Turning the Coldest, Darkest Room into a Steamy Oasiscomments (0) February 12th, 2013 in Blogs
Even in the best layouts, there's going to be a room that just doesn't have a lot going for it. That's where great design shines. Case in point: the bathroom of this basement conversion had only one window, along a north-facing wall situated 8 ft. from a neighboring house. So it had little privacy and less sunshine.
To compensate for the bathroom's dark, north-facing location, architect Fran Halperin of San Rafael, California, decided to jazz things up with light-colored green glass tiles offset by an intense purple wall. (Glass tiles reflect whatever light there is.) She further warmed things up by specifying a radiant floor of color-etched concrete; the countertop and other horizontal details are also concrete, cast off-site and then installed.
Then Fran really turned up the heat. The 3 ft. by 5 ft. shower doubles as a mini-steam room with a concrete bench (hidden by the half wall) to relax on. To contain the moist air, the glass panels run up to the sloping ceiling. When steam condenses it runs down the walls rather than dripping onto bathers. The frosted hopper window can be left open to vent excess moisture without compromising security or privacy. To accommodate the inward-opening window--yet thwart insects--the window screen is on the outside.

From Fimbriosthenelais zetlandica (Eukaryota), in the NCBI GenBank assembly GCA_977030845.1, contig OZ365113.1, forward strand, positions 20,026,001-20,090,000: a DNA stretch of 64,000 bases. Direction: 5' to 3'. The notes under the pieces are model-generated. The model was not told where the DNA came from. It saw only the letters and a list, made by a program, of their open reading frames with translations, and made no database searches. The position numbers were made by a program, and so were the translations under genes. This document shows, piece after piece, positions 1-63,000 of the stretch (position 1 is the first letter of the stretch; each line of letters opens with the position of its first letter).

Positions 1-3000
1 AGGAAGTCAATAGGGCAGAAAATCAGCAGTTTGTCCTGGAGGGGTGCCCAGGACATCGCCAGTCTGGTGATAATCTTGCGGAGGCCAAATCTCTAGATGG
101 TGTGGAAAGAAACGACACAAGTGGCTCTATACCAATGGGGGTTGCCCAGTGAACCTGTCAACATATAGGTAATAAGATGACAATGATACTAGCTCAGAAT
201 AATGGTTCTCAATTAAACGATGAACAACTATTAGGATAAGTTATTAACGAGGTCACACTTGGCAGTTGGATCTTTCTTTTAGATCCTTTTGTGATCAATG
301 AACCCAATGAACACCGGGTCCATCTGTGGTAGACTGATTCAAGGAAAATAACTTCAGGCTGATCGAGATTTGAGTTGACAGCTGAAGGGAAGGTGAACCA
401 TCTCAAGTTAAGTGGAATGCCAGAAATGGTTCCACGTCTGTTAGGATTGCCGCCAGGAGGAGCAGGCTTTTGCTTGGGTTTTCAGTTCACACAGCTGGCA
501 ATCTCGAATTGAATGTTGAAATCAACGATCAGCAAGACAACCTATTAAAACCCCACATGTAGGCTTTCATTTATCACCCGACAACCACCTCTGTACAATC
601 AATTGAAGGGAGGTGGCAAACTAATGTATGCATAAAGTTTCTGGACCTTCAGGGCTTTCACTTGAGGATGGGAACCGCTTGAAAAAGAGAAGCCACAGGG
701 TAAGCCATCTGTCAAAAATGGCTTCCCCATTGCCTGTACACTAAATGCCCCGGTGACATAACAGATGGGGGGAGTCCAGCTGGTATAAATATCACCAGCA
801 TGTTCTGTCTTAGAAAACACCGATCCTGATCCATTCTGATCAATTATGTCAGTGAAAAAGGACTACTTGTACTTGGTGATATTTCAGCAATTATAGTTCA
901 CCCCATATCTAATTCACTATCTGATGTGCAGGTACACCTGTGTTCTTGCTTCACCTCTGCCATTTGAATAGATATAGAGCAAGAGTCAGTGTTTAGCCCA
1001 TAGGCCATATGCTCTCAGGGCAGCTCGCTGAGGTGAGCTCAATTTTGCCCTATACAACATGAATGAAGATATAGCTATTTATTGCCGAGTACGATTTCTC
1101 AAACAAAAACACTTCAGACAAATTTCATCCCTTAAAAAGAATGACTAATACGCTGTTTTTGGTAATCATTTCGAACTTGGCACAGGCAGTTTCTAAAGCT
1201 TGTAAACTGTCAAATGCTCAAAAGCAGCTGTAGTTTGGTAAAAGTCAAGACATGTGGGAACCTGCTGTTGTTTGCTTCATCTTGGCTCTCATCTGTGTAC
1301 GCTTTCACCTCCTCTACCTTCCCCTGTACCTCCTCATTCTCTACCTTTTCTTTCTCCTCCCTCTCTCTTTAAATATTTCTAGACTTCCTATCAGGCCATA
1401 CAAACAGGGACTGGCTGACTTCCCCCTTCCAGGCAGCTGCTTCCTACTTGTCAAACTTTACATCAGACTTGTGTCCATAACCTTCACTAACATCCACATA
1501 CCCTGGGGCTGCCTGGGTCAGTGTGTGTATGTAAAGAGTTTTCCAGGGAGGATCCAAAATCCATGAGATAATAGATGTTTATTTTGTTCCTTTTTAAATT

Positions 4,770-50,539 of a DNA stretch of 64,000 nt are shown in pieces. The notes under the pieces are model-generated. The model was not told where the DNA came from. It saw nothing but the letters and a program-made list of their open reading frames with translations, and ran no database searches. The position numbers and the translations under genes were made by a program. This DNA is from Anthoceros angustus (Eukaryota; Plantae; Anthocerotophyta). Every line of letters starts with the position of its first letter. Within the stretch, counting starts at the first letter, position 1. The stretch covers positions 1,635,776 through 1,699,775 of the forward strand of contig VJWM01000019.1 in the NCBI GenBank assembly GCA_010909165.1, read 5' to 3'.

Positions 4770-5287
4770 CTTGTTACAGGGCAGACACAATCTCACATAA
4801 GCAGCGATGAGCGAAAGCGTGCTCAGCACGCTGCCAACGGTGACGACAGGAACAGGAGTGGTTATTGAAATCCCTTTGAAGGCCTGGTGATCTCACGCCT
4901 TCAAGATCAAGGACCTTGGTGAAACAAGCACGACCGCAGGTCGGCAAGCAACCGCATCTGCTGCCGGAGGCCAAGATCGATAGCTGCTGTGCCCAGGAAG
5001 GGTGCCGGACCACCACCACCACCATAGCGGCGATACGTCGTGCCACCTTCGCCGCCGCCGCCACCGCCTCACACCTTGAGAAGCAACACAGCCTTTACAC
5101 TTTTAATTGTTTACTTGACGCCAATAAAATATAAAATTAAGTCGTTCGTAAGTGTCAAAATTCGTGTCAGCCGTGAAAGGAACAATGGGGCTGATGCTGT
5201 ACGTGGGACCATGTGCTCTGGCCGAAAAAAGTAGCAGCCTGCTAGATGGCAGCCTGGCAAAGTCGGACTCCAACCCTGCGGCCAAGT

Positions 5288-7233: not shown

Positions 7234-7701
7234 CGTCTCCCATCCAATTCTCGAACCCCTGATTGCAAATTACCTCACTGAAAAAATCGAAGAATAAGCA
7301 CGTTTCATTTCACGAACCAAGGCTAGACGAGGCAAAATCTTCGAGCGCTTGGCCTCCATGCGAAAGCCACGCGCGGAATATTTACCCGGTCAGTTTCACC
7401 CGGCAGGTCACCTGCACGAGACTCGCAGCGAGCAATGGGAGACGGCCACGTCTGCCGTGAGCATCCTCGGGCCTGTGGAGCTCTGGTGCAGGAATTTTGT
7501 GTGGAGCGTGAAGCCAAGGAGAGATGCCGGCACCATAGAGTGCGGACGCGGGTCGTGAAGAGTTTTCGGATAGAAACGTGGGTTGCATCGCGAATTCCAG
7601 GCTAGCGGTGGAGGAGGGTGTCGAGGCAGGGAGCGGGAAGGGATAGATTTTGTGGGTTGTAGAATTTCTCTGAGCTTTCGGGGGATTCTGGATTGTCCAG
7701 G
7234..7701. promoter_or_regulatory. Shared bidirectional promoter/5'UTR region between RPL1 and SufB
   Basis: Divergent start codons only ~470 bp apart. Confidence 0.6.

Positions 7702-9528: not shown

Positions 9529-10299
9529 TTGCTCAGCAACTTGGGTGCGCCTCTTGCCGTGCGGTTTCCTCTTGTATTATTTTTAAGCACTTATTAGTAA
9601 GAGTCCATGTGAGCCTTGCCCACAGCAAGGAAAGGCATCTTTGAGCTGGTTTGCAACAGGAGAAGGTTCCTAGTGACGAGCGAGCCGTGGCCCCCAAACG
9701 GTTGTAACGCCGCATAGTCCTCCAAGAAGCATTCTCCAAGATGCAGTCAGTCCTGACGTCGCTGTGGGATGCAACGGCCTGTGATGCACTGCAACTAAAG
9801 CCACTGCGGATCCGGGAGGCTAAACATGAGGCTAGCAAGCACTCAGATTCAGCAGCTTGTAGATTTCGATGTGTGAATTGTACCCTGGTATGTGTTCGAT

Thousands of field-tested tips
This striking bath remodel first appeared in In-laws, Outlaws and Granny Flats (Taunton Press, 2011), and you can see more of Fran Halperin's space-saving designs in my newest book, Renovation 4th Edition, published in November, 2012. In addition to case histories about award-winning designs, Renovation 4's 614 pages include 250+ technical drawings, 1,000 photos from the 40,000 I have taken over the years, and thousands of field-tested tips and techniques that master builders have shared with me. I hope you find it useful. --Mike
posted in: Blogs, remodeling, bathroom, in-law suite
Built on a bench and finished with stock moldings, these panels don’t lose any points for style read more
About the Author
Mike Litchfield was a founding editor of Fine Homebuilding and has been renovating homes or writing about them for more than 30 years.
He was one of the first technical journalists to go to job sites to gather information from tradespeople and his great work, Renovation: A Complete Guide is in its 3rd Edition.
Mike’s tenth book, In-laws, Outlaws and Granny Flats: Turning one house into two homes will be published by Taunton Press in March, 2011. To preview the book and learn more about its contributors, please visit www.cozydigz.com